Sunday, May 23, 2010

Homocysteinemia and Pernicious anemia

Pernicious anemia, a megaloblastic anemia caused by B12 deficiency, is associated with hyperhomocysteinemia. Because B12 is needed for methionine synthase to methylate homocysteine to methionine, a deficiency causes an accumulation of both homocysteine and methylmalonic acid (1). When both are elevated, marking the pernicious anemia, it can lead to progressive demyelination and neurological deterioration.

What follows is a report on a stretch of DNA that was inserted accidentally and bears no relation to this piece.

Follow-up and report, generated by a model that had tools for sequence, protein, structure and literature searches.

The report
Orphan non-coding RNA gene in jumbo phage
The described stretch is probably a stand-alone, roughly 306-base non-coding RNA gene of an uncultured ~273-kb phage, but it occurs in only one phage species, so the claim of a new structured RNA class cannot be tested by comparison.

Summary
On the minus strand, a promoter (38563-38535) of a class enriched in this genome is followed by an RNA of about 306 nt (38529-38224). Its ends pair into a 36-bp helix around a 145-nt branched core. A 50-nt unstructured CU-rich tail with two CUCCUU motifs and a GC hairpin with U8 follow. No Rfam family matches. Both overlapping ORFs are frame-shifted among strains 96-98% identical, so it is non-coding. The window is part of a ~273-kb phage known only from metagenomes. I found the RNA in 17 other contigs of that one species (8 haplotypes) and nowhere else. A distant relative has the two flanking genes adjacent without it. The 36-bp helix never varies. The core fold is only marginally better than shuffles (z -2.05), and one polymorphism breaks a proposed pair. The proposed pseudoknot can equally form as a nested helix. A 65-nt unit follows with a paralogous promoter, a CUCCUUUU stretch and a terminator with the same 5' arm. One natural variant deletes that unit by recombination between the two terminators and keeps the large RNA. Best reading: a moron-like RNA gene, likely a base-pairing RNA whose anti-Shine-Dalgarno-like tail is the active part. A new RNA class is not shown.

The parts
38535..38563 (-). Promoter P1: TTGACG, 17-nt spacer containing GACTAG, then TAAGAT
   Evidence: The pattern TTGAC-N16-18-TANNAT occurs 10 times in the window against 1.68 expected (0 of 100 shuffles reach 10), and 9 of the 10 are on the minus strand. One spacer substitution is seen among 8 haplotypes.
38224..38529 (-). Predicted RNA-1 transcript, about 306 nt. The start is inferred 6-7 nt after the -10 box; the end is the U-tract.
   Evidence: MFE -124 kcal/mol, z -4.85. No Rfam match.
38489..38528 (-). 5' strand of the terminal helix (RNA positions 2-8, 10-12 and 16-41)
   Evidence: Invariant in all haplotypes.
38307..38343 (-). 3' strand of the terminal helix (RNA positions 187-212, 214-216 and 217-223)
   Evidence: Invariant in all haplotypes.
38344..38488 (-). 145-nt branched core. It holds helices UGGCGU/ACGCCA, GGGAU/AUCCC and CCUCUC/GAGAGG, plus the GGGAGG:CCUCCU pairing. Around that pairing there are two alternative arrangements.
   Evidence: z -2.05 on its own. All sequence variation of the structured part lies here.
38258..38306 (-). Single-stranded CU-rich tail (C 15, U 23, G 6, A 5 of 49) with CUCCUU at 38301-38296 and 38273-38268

A folate deficiency may also result in megaloblastic anemia. If homocysteine is elevated but not methylmalonic acid, then the result is probably a folate deficiency. It is important for treatment to be correct. Large doses of folate can correct, or "mask," symptoms of pernicious anemia, which can result in irreversible neuropathy (2).

1. Devlin TM. Textbook of Biochemistry with Clinical Correlations. Philadelphia: Wiley-Liss, 2002

2. Pagana, K.D., Pagana, T.J. Mostby's Manual of Diagnostic and Laboratory Tests, 3rd ed. Mosby Elsvier, 2006